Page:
When it comes to tragedy, loss or unexpected death (such as by accident, suicide, acts of violence, or natural disaster), our focus is naturally drawn toward what has been lost. In our shock and sadness, we find ourselves spending countless hours wondering why and speculating about how something like this could happen. In our anguish over these situations, we could allow ourselves to slip into depression or rage. We may have an urge to judge this life, the world, or its inhabitants as valueless or hopeless. Or, our minds may turn toward placing blame, enacting punishment, or finding vengeance.
The title of this blog post includes a wise quote attributed to the Buddha. He is also quoted as saying, “With our thoughts, we make the world.” In other words, where our attention goes, so we follow. In tragedy and loss, our thoughts turn to what was and we struggle with our attachment to that which no longer is. We may cling to what was by making attempts at “undoing”, righting wrongs, or correcting.
To a limited extent, a “post-mortem” after a tragedy can be wise in helping us learn from mistakes and avoid any controllable contributions to future harm. However, the causes and conditions that lead to specific events are usually much more complicated than we would like them to be. The recipe for disaster has numerous ingredients and the time it takes to come together in just the right combination often takes many generations. Additionally, a significant proportion of these factors are not a part of our immediate awareness or in our direct control.
Grieving is an important part of healing after a loss, so take the time to experience your feelings and be patient with yourself. It always takes longer than you think it should. But, remember that grieving is only one component of healing. It is of little benefit to endlessly direct the greatest portion of our energies toward those who have passed on or the things we have lost. They have gone where we can no longer reach them. They are effectively what was.
Blaming, making emotionally driven changes, and taking revenge rarely create any significant or lasting difference in the suffering resulting from losses. Blame and punishment assume a singular cause as well as a simple solution with the philosophy that inflicting “deserved” harm on the transgressor will somehow serve the greater good. This includes times when the perceived transgressor is ourselves.
Our attention – our directed focus and energy – is full of potential. It is more beneficial to take the needed time to process and grieve, and then make a real difference by attending to the present moment – that which is still within our reach.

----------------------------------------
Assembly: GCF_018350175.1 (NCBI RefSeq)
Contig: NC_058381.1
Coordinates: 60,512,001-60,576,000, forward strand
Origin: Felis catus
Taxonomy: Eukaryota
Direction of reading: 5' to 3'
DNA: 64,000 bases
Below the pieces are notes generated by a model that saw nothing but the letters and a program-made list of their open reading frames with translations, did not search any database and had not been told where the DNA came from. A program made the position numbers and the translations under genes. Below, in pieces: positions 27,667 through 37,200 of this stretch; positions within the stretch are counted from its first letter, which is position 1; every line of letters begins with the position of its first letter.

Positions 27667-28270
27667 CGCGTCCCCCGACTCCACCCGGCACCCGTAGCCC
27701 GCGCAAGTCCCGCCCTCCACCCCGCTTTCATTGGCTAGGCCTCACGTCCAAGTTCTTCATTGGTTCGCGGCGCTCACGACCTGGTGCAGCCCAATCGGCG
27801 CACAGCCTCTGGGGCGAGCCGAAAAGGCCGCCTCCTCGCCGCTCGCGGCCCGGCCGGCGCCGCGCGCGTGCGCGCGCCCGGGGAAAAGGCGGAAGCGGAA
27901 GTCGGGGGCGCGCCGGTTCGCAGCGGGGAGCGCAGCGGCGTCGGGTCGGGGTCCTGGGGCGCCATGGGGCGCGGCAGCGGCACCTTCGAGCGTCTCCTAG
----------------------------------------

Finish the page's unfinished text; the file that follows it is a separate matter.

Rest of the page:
For example, we can:
increase our own awareness, curiosity and openness
learn to suspend judgment
be more compassionate, generous and loving (even with ourselves)
promote peace and tolerance
refrain from doing harm and adding to others suffering
develop more comfort with ambiguity, accepting that which is not within our control
find the courage to be honest, assertive and set appropriate boundaries
do what is in our power to make our neighborhoods, workplaces and schools more welcoming and comfortable
make it easier and more acceptable for others to ask for and find help
volunteer or donate time or resources to good causes
Most of all we can cultivate and express patience with and compassion for the living, who are coping here in this moment. Demonstrating compassion for the living and their complicated journeys can go so much further than focusing on what has been lost and is now beyond our reach. Acknowledging and addressing what is happening in this moment takes work and persistence, but over the long term, it is often more meaningful and fulfilling than lamenting or longing for what was.
I am not resigned to the shutting away of loving hearts in the hard ground.
So it is, and so it will be, for so it has been, time out of mind:
Into the darkness they go, the wise and the lovely. Crowned
With lilies and with laurel they go; but I am not resigned.
Lovers and thinkers, into the earth with you.
Be one with the dull, the indiscriminate dust.
A fragment of what you felt, of what you knew,
A formula, a phrase remains,—but the best is lost.
The answers quick and keen, the honest look, the laughter, the love,—
They are gone. They are gone to feed the roses. Elegant and curled
Is the blossom. Fragrant is the blossom. I know. But I do not approve.
More precious was the light in your eyes than all the roses in the world.
Down, down, down into the darkness of the grave
Gently they go, the beautiful, the tender, the kind;
Quietly they go, the intelligent, the witty, the brave.
I know. But I do not approve. And I am not resigned.
– Dirge Without Music by Edna St. Vincent Millay